Austal USA announced Wednesday that it has received a $44 million contract to develop one of its Expeditionary Fast Transports as an autonomous prototype.
The U.S. Navy contract applies to EPF-13, the future USNS Apalachicola, a ship that is already under construction. It follows a years-long effort by Austal executives to pitch the transport ships it builds in Mobile as a flexible platform that could be adapted to a variety of specialized missions.
“As we’ve seen over the last decade, the expeditionary fast transport continues to provide new capability after new capability,” Austal USA Interim President Rusty Murdaugh said in a company announcement. “The evolution of this platform and its deployed performance from humanitarian assistance to operational support brings unmatched value to the warfighter. The potential of the EPF to operate unmanned opens the door to a range of new missions for the EPF ranging from logistics support to mine warfare and strike operations using vertical launch systems (VLS).”
The EPFs are aluminum catamarans with the capacity to carry several hundred troops and dozens of vehicles, including tanks. Its shallow draft and articulated ramp give it the ability to operate in shallow, unimproved ports. Its landing pad can handle Blackhawk helicopters as well as heavier Sea Stallions, and may eventually be improved to handle the Osprey tiltrotor aircraft used by the U.S. Marine Corps.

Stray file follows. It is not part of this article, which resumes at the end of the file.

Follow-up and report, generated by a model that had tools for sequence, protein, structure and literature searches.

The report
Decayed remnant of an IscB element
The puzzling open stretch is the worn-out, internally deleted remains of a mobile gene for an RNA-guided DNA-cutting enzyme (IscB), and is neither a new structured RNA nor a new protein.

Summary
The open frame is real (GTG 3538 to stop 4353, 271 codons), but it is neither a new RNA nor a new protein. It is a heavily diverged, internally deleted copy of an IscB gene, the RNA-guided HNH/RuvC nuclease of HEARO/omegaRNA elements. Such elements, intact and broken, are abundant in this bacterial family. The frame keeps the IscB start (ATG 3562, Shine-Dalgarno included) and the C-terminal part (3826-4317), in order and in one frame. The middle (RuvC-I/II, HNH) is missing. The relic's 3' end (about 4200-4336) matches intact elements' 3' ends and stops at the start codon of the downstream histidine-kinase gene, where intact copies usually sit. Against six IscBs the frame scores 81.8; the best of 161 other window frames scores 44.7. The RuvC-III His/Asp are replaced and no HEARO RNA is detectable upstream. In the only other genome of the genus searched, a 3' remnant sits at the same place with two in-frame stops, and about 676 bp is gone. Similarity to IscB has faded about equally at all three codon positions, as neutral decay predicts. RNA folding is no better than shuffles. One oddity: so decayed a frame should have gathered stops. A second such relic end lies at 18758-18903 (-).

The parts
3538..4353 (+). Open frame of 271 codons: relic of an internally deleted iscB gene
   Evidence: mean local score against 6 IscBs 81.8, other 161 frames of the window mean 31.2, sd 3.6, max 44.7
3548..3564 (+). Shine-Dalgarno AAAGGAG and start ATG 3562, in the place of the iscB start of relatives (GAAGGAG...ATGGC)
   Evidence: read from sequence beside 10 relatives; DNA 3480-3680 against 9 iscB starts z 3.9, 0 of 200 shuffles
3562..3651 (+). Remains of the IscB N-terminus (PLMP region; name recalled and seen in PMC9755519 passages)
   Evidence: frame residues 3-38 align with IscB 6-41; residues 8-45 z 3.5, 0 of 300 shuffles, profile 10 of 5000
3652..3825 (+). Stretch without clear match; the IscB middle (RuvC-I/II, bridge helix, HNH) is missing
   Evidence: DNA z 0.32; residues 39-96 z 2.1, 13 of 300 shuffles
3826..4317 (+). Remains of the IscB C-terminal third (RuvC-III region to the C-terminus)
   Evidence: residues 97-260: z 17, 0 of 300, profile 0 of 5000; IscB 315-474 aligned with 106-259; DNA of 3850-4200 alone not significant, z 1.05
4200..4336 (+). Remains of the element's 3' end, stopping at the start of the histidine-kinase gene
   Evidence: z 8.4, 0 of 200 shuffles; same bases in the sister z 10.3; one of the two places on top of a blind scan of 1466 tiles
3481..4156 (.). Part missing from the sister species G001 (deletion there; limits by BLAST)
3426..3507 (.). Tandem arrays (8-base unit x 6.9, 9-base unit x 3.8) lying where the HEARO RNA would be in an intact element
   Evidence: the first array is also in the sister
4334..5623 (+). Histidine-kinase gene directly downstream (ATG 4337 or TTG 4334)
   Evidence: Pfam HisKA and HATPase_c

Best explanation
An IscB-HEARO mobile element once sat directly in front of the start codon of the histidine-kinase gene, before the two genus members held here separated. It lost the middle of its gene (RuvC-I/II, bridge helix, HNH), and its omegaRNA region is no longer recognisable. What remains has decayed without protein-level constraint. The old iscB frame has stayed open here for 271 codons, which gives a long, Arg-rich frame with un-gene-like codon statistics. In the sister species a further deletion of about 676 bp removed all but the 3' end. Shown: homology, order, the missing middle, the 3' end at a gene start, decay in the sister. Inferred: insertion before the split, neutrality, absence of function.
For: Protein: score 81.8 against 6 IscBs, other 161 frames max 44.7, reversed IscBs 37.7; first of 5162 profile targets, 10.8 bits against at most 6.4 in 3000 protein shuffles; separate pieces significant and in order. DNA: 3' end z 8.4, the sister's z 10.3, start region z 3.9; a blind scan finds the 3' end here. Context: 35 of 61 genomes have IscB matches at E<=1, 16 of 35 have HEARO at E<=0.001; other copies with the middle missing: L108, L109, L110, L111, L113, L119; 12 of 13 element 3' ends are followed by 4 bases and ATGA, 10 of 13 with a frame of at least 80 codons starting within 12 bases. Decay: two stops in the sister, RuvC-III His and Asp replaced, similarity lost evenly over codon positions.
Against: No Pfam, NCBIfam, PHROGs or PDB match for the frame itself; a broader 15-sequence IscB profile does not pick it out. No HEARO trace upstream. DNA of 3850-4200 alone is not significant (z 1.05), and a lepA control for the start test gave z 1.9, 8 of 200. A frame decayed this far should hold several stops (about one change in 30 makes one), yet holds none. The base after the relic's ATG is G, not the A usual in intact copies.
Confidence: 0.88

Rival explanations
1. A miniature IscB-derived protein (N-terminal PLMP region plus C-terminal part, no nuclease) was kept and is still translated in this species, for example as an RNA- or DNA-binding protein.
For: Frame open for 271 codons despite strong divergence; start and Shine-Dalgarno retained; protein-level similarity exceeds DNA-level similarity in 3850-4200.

The Navy initially ordered 12 of the ships, but the program has been extended, ship by ship. This year’s budget included money for a 15th. Austal has argued that the platform lends itself to specialized uses, such as small hospital ships, drone motherships or even as fully autonomous platforms. If equipped with the Vertical Launch System, as Murdaugh suggested, it could be a remote missile platform hurling a variety of weaponry at targets over the horizon.
The newly announced contract isn’t the first to show that the Navy is intrigued by the possibilities. The Navy has provided funding for EPF-14 to have expanded medical facilities, and when it assigned funding for EPF-15 earlier this year it also called for that vessel to have “enhanced medical capability.”
Those changes won’t transform EPF-14 and -15 into miniature hospital ships; they won’t be the “Expeditionary Medical Ships” that Sen. Richard Shelby proposed in a 2020 COVID relief package that never passed. But they will explore concepts that might conceivably be developed in future ships.
Austal delivered EPF-12, the Newport, last September. For now it has three left to build, and each of those will feature improvements that hint at future possibilities.
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